Originally published at: https://xboxera.com/2022/05/10/review-eiyuden-chronicle-rising/
Eiyuden Chronicle: Rising is out day and date on Xbox Game Pass. It’s an odd one, as it is the action RPG spin-off prequel to a game that is coming out in a year! You’ll (eventually) take three characters from quite different backgrounds and hack & slash your way through the same environments over, and over, and over again. At only $14.99 I was shocked at just how incredibly long this game is, especially considering its stunning lack of variation in both the gameplay and locations. Yet I somehow grew to rather enjoy my time with it. It’s damned pretty, the writing is great at times, and there is heart here. Is it enough to make this one worth your time? Well, let’s find out.
Like Butter Over Too Much Bread
Eiyuden Chronicle had a successful Kickstarter campaign which led to two games. Hundred Heroes is the main title and hits next year. As stated previously this is Rising which sets up multiple companion characters you’ll meet in the full RPG. It’s a side-scrolling action-adventure on a budget. The first thing you’ll notice is damn, is it pretty. A pixel aesthetic is used on the character and enemy models, but most of the game is fully rendered which allows for the lighting system to tie it all together. It’s not 2.5D so much, as in you never shift perspective but the developers smarty use multiple levels in the fore and background to give things a good feeling of depth.
You are CJ, a 16-year-old rugged adventurer looking to complete her village’s right of passage. To do this she visits a town that’s recently discovered, after a massive earthquake, that there is a treasure-filled set of barrows beneath it. The scope of things is smaller than the average story and I appreciated it, though it did mean the location variety ended up being surprisingly small for a game purported to be 25 hours long. Early on the focus is on appeasing the city’s mayor so that your would-be adventurer can head down looking to find a treasure worthy enough for her rite. This leads to one of the game’s main mechanics, the stamp card.
I can’t sugar coat it, these stamps it tracks are almost all boring fetch quests that send you back and forth through the game’s few areas dozens of times and there are…. 160 in total. These quests aren’t optional either, as they often tie directly into building the town back up which in turn unlocks every single upgrade path in the game. Thankfully the story itself is well written, occasionally funny, and kept me interested throughout my time playing. It feels like a setup for the next game, which is to be expected, but the translated text is of a high quality, and I grew to like all of the main characters over time. Another area that took far too long to get interesting and then overstayed its welcome though was the combat.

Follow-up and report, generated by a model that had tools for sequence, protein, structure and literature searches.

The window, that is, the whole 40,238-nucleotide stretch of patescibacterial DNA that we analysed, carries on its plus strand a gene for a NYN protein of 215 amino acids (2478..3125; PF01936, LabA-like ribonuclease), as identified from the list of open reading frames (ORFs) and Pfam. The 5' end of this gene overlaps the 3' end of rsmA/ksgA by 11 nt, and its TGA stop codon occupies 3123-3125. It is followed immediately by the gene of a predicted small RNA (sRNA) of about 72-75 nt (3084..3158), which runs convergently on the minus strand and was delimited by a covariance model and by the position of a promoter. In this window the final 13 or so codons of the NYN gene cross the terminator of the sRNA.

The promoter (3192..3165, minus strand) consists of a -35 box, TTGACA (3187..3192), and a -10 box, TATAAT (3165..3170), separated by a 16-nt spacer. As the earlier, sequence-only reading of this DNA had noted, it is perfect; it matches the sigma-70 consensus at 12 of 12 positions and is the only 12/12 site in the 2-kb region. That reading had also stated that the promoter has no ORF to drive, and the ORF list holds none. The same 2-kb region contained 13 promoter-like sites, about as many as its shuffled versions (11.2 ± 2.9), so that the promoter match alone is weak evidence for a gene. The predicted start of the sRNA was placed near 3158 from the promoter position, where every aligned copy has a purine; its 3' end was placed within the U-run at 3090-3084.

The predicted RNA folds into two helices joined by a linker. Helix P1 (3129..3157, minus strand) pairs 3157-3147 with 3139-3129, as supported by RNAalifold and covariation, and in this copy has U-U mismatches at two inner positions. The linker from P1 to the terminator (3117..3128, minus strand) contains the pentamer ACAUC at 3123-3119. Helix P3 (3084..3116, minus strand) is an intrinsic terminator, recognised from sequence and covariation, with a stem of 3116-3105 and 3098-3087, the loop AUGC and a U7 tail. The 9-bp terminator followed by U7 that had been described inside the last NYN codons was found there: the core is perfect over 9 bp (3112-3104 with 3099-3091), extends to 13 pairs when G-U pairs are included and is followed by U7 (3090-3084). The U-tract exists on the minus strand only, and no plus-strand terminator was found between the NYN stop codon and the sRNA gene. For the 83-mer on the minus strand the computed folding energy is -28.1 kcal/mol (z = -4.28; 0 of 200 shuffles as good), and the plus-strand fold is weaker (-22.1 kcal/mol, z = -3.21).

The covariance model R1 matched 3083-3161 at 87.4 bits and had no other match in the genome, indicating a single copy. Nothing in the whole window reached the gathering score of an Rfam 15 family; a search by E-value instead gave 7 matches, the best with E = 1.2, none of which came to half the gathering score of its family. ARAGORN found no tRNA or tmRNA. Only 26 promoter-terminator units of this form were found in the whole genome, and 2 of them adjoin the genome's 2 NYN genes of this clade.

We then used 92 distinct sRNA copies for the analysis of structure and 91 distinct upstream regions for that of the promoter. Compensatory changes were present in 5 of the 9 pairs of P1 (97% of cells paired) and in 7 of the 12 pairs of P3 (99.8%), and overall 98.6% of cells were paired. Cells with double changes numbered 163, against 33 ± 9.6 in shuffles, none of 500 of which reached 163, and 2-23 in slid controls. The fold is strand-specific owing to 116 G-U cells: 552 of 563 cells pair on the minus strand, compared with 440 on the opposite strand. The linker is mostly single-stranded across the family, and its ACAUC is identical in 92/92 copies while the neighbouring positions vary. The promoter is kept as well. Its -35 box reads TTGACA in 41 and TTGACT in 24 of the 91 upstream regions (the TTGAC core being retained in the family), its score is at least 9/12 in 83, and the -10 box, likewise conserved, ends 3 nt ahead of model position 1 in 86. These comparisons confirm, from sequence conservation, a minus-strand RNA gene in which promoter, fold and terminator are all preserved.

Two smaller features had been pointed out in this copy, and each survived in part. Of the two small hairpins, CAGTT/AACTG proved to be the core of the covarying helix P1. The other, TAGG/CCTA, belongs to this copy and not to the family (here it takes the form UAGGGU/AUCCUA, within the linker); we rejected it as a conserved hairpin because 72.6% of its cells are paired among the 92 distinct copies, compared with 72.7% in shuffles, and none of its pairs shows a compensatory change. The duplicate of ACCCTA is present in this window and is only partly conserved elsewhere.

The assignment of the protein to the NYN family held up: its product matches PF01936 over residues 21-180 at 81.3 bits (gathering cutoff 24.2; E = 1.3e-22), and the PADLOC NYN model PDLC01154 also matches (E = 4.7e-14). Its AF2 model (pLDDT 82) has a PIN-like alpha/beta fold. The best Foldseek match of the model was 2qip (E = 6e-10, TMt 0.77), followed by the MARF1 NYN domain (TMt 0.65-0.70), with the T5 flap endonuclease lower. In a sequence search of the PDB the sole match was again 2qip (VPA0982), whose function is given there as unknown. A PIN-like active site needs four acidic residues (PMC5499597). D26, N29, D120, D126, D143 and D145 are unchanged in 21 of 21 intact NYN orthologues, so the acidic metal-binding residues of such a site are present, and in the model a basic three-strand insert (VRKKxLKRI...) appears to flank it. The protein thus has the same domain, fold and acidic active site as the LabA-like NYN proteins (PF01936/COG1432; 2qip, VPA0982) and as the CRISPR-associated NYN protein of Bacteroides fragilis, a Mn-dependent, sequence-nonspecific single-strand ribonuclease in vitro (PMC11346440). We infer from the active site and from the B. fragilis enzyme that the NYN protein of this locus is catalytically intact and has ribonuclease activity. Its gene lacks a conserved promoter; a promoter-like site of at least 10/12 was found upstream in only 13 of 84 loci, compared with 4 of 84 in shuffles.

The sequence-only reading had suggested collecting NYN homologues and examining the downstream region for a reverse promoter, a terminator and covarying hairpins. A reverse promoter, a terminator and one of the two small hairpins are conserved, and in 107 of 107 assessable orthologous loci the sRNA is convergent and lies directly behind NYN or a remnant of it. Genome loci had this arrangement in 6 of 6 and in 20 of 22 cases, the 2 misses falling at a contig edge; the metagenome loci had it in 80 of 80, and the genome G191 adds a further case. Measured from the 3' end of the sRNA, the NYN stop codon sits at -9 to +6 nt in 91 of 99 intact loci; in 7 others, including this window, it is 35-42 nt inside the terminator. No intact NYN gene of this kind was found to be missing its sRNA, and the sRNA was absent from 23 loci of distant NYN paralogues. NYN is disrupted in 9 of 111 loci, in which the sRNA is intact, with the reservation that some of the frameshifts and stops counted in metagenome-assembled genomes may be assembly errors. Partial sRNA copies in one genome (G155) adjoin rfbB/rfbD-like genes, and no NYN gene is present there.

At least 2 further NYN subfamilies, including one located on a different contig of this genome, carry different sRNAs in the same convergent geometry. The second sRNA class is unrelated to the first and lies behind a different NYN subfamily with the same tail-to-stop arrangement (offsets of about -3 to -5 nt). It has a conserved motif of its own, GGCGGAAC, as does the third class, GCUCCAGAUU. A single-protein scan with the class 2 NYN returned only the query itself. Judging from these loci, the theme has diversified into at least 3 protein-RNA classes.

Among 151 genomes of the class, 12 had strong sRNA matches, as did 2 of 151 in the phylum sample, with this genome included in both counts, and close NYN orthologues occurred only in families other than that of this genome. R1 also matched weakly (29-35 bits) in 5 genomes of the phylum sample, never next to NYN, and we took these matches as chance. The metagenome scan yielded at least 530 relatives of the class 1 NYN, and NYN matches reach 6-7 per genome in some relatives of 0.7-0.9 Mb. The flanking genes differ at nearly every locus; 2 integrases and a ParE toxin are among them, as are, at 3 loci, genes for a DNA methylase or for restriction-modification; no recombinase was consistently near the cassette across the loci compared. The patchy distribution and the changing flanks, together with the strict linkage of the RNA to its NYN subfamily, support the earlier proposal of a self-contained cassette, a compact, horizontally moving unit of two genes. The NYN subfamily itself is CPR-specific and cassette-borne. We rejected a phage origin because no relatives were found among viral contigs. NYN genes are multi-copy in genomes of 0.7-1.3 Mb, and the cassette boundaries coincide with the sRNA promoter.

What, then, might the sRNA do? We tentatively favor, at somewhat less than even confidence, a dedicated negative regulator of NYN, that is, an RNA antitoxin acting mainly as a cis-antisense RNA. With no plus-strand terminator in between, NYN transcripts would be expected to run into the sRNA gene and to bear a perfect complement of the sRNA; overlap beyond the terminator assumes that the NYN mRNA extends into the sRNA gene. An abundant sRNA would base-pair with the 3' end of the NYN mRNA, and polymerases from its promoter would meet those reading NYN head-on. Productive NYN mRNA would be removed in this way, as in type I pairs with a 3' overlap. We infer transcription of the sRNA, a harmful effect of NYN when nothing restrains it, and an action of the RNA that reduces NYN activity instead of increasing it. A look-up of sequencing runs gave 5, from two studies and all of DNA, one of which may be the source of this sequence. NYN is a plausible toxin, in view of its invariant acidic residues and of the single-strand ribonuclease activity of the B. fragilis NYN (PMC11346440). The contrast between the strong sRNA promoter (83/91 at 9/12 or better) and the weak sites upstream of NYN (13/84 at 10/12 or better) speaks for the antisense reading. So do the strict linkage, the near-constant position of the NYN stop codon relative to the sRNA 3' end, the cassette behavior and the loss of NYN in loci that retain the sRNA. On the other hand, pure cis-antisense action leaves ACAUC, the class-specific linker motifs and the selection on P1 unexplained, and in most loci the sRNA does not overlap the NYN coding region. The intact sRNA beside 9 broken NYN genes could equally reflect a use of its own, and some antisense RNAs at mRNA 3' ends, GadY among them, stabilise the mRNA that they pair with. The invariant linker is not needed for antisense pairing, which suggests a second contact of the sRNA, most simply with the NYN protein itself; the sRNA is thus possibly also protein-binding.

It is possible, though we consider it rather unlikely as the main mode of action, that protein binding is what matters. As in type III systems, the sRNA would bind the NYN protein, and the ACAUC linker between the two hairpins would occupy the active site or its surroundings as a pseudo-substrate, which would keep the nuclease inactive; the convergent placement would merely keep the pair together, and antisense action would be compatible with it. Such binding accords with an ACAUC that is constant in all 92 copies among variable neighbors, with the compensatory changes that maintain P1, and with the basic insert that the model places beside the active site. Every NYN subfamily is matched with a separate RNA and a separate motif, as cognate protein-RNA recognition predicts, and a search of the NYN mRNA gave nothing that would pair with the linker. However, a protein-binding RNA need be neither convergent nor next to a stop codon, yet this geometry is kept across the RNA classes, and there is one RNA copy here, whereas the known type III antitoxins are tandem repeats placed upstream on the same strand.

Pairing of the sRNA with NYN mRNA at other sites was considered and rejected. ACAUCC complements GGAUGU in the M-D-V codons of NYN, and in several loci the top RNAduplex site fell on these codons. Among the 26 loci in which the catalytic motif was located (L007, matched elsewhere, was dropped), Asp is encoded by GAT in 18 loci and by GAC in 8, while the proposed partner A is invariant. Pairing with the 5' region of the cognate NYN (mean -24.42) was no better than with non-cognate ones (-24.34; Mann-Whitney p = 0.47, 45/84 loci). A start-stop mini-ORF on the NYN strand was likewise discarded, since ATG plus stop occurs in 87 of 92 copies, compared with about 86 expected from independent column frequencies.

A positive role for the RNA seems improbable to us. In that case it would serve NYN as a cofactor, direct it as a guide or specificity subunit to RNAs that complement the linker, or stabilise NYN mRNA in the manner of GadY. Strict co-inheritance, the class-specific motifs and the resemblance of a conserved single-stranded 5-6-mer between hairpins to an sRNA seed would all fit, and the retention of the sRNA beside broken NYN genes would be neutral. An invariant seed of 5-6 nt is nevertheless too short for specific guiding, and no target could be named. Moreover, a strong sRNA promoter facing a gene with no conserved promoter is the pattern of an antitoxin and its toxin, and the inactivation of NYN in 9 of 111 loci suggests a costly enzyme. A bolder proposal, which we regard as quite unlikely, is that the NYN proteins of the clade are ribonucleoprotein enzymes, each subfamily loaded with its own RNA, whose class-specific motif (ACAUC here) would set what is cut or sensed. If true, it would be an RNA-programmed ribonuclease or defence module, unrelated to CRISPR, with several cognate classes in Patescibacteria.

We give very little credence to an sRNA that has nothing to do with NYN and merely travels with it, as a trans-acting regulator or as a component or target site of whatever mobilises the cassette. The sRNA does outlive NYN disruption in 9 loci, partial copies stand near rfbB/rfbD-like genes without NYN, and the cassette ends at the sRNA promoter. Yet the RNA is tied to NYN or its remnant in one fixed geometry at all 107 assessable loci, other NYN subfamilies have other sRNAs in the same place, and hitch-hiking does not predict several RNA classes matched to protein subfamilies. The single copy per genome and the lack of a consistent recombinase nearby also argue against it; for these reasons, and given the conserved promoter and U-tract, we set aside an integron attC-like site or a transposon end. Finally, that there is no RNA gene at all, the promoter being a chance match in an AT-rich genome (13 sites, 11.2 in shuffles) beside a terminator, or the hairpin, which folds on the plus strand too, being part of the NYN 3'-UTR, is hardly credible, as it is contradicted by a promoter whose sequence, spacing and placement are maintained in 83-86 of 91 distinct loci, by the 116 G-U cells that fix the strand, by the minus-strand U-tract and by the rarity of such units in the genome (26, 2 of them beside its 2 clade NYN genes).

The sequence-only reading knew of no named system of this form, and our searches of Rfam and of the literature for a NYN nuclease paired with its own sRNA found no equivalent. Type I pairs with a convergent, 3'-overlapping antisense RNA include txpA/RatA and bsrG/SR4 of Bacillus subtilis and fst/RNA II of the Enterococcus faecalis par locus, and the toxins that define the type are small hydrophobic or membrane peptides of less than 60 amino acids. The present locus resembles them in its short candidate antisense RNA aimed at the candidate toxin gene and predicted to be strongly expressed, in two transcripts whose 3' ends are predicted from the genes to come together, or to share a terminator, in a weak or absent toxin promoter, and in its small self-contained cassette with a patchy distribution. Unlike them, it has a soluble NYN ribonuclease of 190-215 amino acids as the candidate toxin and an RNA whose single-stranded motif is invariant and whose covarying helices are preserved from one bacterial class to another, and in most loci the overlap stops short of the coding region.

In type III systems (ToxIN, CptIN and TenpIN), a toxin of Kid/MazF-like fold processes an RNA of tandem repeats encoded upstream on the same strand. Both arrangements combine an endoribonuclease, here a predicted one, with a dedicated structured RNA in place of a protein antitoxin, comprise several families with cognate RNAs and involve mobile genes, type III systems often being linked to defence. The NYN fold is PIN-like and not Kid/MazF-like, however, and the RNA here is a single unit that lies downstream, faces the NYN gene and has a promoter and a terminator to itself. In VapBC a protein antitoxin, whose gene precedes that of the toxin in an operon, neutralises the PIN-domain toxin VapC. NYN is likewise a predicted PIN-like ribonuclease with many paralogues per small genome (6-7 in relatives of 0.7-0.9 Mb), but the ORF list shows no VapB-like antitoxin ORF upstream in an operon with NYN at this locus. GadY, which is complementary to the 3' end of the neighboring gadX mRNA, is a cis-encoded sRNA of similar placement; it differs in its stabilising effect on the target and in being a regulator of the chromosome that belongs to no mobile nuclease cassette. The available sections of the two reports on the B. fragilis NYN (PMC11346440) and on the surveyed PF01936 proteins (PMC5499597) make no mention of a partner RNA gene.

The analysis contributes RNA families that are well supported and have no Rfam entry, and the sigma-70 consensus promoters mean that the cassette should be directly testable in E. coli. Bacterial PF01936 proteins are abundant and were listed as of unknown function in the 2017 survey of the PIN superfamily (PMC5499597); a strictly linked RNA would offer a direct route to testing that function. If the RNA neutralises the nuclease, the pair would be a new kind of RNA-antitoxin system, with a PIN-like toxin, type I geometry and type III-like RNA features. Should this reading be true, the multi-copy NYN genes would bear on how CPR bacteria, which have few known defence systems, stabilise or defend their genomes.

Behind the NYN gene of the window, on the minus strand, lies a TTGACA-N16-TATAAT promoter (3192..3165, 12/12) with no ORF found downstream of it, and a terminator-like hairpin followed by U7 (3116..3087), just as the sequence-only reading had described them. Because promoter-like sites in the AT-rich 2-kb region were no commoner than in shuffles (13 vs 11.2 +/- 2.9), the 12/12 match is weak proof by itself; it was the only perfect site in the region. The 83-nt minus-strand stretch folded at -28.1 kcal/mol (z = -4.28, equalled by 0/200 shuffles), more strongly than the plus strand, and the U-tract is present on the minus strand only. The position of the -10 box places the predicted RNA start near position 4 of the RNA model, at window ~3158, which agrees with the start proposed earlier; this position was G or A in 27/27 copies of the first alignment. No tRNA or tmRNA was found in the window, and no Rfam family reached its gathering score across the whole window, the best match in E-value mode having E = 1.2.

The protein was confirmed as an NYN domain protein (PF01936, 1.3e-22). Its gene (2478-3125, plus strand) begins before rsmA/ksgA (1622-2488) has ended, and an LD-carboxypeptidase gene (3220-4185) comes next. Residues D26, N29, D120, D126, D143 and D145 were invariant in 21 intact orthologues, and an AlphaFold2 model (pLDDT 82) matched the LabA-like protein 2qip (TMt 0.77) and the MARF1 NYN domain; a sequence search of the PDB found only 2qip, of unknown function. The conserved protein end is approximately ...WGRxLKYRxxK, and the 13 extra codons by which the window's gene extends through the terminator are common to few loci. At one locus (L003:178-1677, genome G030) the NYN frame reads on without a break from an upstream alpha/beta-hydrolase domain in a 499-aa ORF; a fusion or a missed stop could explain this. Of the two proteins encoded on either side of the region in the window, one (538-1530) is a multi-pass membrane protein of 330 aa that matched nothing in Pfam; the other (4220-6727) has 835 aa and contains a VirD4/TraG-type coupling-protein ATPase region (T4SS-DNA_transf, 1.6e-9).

One Button to Rule Them All
For the first few hours of EC: Rising you’ll attack by pressing x twice, waiting for the internal cooldown to finish, then press x two more times again. For the next 4 or 5 hours, you’ll then get to mix in the y button as your 2nd party member finally becomes available. A few hours after that you finally gain access to the b button and things really… become almost mediocre. Combat in the game takes far too long to get to what I would expect as a standard system and is just another case of this small budget title pushing itself too far. Having a basic combo of two swings for that long felt terrible and had me contemplating not doing the review. Once CJ was joined by Garoo the 2nd party member being able to mix in another button (attacks change you to that character as they swing as well) added a bit of spice and unlocked the only interesting part of the game’s combat. Finally when the third character joined the system became somewhat decent but it took an incredibly long amount of time to get there.
The interesting part of the combat is a slowdown tag-in system that operates on a short cooldown. Starting up a combo with one character and then switching to another one allows you to chain attacks together in both a cool-looking and quite powerful way. All of those shops you help open in town sell you upgrades for your weapons and armor which can add in things like a double jump for CJ, a power jump for Garoo, and a float ability for Isha. Near the end of my time with the game, I finally felt like I had enough abilities to deal with the game’s enemies in an almost satisfying manner, but it never felt good. Everything is a bit too deliberate, movement is always stilted feeling, and you can be locked into a corner far too easily by certain enemies. I didn’t hate the game’s combat and traversal, but it’s definitely not in the upper echelon of the genre.
On offer are a normal mode (which is what I’ve been describing) and a basic mode that turns things into Baland Wonderworld. One button is all you need and the game does the rest for you. It would be good for kids I guess but with how unbelievably slow the dialogue is, and how repetitive the quests are I can’t imagine most kids sticking with this no matter how pretty it is.